Of the most pressing issues facing the city beyond public safety, Stonecipher said keeping partisan politics out of city government and community dialogue is as critical to the city’s future as it was in its past.

“Together, we have created an OKC where families benefit from growing businesses,” Stonecipher wrote. “This does not happen by accident. The too often unheralded key to this success is our ability to keep DC-style politics out of our city and to instead build a city through cooperation and consensus. No city in America has a better working relationship between city government officials, business leaders, and community advocates. We must continue to nourish these relationships and not allow division and DC-style politics to distract us from our focus on the city’s core needs.”

And one of those core needs will likely be a new arena for the Thunder. Stonecipher is in favor of a public-private partnership for a new facility, owing to the success of the publicly financed Paycom Center, which helped the city secure an NBA team.

“Having the Oklahoma City Thunder has changed our image not just nationally, but globally,” he said. “We are a Big League City and we want to stay that way. The reality is it will take community investment to ensure the long-term tenure of the team and I would certainly welcome and encourage the team to aid us in this investment.”

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Frank Urbanic

Oklahoma City mayoral candidate Frank Urbanic discusses the absence of incumbent Mayor David Holt during a debate Tuesday, Jan. 25, 2022. (Michael Duncan)

Urbanic ran for mayor of Oklahoma City in 2022, losing to David Holt by a wide margin. Two years later, he’s back with a bid for Ward 8 on the City Council.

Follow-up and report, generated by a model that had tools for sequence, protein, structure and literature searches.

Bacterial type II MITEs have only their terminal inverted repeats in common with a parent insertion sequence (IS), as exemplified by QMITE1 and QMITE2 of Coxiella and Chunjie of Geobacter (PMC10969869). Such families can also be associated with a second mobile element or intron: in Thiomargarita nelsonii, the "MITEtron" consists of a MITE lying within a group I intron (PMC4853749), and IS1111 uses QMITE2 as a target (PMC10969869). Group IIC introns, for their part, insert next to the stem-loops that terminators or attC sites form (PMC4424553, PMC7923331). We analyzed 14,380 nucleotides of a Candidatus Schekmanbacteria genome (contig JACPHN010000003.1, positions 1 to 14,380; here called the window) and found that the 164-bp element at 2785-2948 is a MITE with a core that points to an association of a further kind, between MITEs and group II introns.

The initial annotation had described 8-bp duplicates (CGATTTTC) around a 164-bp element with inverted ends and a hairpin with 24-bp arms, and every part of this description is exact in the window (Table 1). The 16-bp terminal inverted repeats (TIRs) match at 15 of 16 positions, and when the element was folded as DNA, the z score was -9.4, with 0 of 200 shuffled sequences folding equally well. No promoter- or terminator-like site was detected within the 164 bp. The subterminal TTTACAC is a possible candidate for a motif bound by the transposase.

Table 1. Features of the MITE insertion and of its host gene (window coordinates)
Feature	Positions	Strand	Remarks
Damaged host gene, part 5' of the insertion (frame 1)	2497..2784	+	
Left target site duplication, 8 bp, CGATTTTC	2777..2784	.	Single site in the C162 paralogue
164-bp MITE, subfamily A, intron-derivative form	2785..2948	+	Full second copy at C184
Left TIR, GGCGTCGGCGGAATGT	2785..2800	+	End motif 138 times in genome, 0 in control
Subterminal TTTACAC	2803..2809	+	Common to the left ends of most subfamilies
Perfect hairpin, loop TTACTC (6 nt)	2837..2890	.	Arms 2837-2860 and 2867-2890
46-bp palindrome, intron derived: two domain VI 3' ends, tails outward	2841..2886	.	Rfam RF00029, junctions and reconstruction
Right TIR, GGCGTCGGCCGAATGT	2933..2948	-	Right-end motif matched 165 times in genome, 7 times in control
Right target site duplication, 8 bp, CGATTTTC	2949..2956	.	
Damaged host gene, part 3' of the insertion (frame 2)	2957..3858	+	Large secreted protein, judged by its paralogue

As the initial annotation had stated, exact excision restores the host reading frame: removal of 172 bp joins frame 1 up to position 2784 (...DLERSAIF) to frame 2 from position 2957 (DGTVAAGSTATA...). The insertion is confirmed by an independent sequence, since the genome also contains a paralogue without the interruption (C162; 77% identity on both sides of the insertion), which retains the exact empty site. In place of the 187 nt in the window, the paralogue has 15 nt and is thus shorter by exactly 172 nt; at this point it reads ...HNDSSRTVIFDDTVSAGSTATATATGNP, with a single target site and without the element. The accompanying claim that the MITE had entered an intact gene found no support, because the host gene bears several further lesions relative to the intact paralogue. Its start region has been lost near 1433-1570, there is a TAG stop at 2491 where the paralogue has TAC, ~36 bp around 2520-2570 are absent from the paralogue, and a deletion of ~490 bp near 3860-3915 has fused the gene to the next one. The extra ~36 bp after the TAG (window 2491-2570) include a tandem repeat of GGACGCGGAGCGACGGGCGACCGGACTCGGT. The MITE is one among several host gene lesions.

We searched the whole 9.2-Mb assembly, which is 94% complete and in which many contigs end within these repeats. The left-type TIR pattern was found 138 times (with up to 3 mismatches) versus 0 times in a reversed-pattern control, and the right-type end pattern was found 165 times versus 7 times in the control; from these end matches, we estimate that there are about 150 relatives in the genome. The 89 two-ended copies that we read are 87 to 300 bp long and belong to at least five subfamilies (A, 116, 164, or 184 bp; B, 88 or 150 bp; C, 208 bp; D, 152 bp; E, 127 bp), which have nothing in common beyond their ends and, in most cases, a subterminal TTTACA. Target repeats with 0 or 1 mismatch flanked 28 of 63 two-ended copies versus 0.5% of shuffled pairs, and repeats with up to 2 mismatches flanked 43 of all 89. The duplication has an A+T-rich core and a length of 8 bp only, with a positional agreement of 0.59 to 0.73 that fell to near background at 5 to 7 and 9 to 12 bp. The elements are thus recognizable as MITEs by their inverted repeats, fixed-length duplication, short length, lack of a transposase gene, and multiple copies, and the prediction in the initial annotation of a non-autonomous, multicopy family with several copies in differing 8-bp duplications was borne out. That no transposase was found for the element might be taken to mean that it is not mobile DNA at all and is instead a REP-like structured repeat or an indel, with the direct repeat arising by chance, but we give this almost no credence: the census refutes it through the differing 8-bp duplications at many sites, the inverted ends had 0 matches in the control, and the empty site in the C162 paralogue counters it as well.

Urbanic did not respond to NonDoc’s questionnaire, instead pointing to his campaign website that outlines a number of his priorities if elected. At the top of the list: the renaming of Lake Hefner.

“The Hefner name is now associated with racism, hatred and bigotry,” Urbanic wrote on his website.

Urbanic and conservative provocateur Carol Hefner clashed during the 2022 mayoral campaign when both were candidates. The lake is named after former Oklahoma City Mayor Robert Hefner, who served in the 1930s and 1940s.

Other priorities include fixing roads, smart traffic light systems, a housing-first approach to homelessness and demolition of the old Oklahoma City Police Department headquarters, among others. As of Feb. 7, Urbanic had yet to file a campaign finance report.

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Amy Warne

Amy Warne is a candidate for OKC City Council Ward 8. (Provided)

Warne is a lifelong resident of Oklahoma and a citizen of the Muscogee Nation. Warne wrote that her decision to run was in part influenced by experiences in the community with her job as a dietician and as a volunteer for several organizations that address food sovereignty, education, social justice and the arts.